WASHINGTON — Mario Marquez still carries the hardship and memories of his four deployments to Iraq with the Marine Corps between 2002 and 2009. He said he doesn’t understand why America still holds onto its military authorizations to wage war there, more than a decade after the fighting officially stopped.

“Millions of servicemen and women answered a call to serve in Iraq, willingly and without question, and we did so without ever knowing a definitive end to our service,” Marquez told reporters outside the Capitol on March 16. “However, our force is not built to remain in a perpetual state of war.”

Lawmakers took their first real steps in addressing that this week as the Senate voted 66-30 on Wednesday to repeal the authorization for use of military force it gave to former President George W. Bush 20 years ago to invade Iraq.

It’s the first significant movement on the issue in years, and it comes just days after the 20th anniversary of the U.S. invasion of Iraq. More than 4,500 U.S. military members died there in the following decades.

The Senate’s vote to repeal of the 2002 bill — alongside a 1991 Gulf war authorization to defend Kuwait against Saddam Hussein — marks a significant milestone in congressional efforts to claw back lawmakers’ warmaking authorities from the White House, ensuring that future presidents can’t invoke them as a justification for military intervention in the Middle East.

“The enemy against whom we declared war in 1991 and [2002] is no more; Iraq is a very different nation,” said Sen. Tim Kaine, D-Va., told reporters.

Only 36% of Americans believe the U.S. was right to invade Iraq, according to an Axios/Ipsos poll conducted this month. That figure stands in stark contrast to a 2002 Pew Research survey conducted in the months before Congress’ authorization, which found 73% of Americans supported invading Iraq.

Kaine and bill cosponsor Sen. Todd Young, R-Ind., said that the move is important not just for wartime bookkeeping purposes but also to help signal a sense of completion to the millions of service members like Marquez who fought in the Middle East.

“For veterans, we have to get a sense, and a feeling that our service in country meant something,” said Marquez, now director of the American Legion’s National Security Division. “By closing these existing authorizations, it gives us that closure … a sense that our mission was worthy of our cause and our sacrifice.”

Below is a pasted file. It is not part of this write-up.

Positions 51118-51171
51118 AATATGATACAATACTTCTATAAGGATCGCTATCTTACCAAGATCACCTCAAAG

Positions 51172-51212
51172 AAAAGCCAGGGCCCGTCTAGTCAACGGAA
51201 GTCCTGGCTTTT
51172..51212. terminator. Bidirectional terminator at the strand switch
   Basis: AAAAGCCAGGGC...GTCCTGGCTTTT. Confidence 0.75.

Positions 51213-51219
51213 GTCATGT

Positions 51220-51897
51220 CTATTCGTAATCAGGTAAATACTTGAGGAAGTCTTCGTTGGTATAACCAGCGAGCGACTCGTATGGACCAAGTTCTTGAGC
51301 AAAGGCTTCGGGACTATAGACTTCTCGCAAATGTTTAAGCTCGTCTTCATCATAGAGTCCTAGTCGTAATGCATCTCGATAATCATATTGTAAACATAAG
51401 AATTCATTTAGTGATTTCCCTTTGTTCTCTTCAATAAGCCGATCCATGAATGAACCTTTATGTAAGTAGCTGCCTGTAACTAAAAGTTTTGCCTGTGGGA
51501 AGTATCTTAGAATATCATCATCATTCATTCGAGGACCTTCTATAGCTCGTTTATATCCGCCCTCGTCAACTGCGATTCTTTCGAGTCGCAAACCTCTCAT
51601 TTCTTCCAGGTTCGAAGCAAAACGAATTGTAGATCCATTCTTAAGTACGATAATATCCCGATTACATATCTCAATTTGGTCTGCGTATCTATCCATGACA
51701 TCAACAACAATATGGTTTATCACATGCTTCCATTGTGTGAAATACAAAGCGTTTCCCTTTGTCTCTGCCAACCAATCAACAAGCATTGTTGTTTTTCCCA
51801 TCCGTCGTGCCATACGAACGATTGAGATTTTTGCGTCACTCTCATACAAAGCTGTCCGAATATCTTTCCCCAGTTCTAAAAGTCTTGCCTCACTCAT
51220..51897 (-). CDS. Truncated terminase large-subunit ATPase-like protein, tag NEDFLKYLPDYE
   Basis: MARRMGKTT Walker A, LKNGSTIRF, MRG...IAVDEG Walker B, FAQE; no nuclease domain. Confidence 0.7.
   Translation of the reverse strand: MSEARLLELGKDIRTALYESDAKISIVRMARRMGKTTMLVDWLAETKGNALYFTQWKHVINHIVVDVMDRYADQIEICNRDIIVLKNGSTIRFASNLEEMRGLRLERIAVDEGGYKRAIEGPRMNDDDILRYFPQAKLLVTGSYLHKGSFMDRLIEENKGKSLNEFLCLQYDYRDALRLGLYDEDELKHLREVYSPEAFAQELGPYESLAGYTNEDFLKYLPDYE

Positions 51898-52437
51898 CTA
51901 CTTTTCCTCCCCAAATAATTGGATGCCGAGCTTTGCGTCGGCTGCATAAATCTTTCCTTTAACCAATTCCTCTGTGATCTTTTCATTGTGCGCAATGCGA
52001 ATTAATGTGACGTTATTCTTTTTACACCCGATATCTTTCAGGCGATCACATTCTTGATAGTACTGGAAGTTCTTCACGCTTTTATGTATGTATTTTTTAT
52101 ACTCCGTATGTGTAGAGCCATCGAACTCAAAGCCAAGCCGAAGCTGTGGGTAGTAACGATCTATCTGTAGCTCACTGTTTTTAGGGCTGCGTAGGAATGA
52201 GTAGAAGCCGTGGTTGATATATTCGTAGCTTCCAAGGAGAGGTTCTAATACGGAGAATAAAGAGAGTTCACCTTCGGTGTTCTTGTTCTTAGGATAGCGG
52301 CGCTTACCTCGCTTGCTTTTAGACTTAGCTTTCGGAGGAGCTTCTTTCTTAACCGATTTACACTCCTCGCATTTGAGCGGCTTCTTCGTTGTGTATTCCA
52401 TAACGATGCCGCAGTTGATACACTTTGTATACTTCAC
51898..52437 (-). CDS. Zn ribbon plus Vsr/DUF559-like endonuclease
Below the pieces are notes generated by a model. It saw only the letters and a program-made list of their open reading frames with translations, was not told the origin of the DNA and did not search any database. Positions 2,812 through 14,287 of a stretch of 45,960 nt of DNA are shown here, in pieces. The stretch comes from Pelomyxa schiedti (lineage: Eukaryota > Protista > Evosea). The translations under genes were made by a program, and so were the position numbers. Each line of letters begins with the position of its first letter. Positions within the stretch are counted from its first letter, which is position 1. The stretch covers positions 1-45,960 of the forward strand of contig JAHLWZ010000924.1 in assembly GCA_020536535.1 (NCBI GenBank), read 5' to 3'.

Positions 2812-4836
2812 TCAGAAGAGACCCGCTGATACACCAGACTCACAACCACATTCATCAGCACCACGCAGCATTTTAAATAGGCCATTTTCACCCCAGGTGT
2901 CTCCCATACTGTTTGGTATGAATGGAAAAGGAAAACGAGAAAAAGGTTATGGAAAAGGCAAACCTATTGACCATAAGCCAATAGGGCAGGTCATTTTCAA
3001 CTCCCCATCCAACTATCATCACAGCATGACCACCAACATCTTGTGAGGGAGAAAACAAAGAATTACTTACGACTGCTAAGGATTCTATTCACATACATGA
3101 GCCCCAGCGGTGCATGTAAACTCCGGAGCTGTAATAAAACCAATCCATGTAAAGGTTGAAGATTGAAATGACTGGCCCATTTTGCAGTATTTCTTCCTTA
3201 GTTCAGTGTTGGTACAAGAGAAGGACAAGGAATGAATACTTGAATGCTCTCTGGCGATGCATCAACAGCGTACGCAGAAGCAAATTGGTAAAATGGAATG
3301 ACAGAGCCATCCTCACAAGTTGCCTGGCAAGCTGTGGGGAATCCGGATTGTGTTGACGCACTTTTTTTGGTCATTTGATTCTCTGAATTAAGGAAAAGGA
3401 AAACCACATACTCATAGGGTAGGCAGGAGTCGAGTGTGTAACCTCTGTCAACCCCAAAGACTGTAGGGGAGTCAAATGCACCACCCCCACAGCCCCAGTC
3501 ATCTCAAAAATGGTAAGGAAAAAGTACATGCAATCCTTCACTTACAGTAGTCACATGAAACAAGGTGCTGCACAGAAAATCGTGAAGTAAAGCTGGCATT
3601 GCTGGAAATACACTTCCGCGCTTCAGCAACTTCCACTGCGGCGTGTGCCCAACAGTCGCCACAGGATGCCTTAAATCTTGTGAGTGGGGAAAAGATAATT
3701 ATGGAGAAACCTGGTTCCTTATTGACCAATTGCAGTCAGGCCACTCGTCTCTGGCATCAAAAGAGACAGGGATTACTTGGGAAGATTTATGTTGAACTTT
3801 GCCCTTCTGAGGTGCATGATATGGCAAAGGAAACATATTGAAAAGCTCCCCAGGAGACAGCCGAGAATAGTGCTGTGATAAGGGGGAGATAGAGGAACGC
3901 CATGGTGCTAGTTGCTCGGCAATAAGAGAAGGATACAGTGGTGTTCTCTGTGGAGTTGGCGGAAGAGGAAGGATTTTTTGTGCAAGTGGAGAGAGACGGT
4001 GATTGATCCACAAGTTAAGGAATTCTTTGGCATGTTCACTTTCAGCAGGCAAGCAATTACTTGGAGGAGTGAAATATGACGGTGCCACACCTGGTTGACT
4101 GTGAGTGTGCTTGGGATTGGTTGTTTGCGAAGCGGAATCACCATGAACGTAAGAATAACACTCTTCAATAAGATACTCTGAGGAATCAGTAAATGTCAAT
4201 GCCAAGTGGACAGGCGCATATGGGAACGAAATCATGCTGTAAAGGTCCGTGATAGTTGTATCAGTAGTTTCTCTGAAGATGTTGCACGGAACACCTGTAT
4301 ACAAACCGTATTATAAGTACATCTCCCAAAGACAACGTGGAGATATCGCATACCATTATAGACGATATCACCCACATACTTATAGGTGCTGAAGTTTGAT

Former President Donald Trump invoked the 2002 Iraq war authorization as part of his legal justification for killing of Iranian Gen. Qasem Soleimani, then the commander of the Islamic Revolutionary Guard Corps Quds Force, via airstrike when he was traveling inside Iraq in 2020.

“Leaving outdated authorizations on the books can lead to abuse,” Kaine said. “The president should have to come to Congress to start wars, but if there’s authorizations on the books that are outdated, the president can try to torture its meaning.”

The White House has issued a statement endorsing the Kaine-Young repeal, noting that it would not affect the 2,500 U.S. troops currently stationed in Iraq.

Those troops are instead stationed there to fight Islamic State sleeper cells under a separate 2001 military authorization, which Congress passed in the wake of the 9/11 attacks to target al-Qaida in Afghanistan. Four presidents have since used the 2001 military authorization to justify more than 40 military operations in at least 19 countries across the globe, including Iraq and Syria.

The House will still need to pass the repeal before President Joe Biden can sign it, and the path forward in the lower chamber is less clear.

House Speaker Kevin McCarthy, R-Calif., told reporters Sunday that the repeal would need to go through the Foreign Affairs Committee, “but I think it has a clear opportunity to come to the floor.”

Rep. Tom Cole of Oklahoma, who oversees the House floor as Rules Committee chairman, co-sponsored the House version of the bill.

House Foreign Affairs Chairman Mike McCaul, R-Texas, opposed previous efforts to repeal the Iraq war authorization, pointing to Trump’s strike on Soleimani and arguing that the authority can be used to go after “the Iran-sponsored terrorist groups attacking our diplomats, our soldiers, our embassy and our citizens.”

The U.S. launched retaliatory strikes on Iran-backed militias in Syria last week after a drone attack killed a U.S. contractor and wounded several troops stationed there, citing the president’s Article II self-defense authorities under the Constitution. The Iran-backed militias responded with another spate of attacks over the weekend.

“Tehran wants to push us out of Iraq and Syria,” Senate Minority Leader Mitch McConnell, R-Ky., said in a statement on Tuesday. “Why should Congress make that easier? While the Senate’s been engaged in this abstract, theoretical debate about rolling back American power, Iran has continued its deadly attacks on us.”

Leo covers Congress, Veterans Affairs and the White House for Military Times. He has covered Washington, D.C. since 2004, focusing on military personnel and veterans policies. His work has earned numerous honors, including a 2009 Polk award, a 2010 National Headliner Award, the IAVA Leadership in Journalism award and the VFW News Media award.

Bryant Harris is the Congress reporter for Defense News. He has covered U.S. foreign policy, national security, international affairs and politics in Washington since 2014. He has also written for Foreign Policy, Al-Monitor, Al Jazeera English and IPS News.

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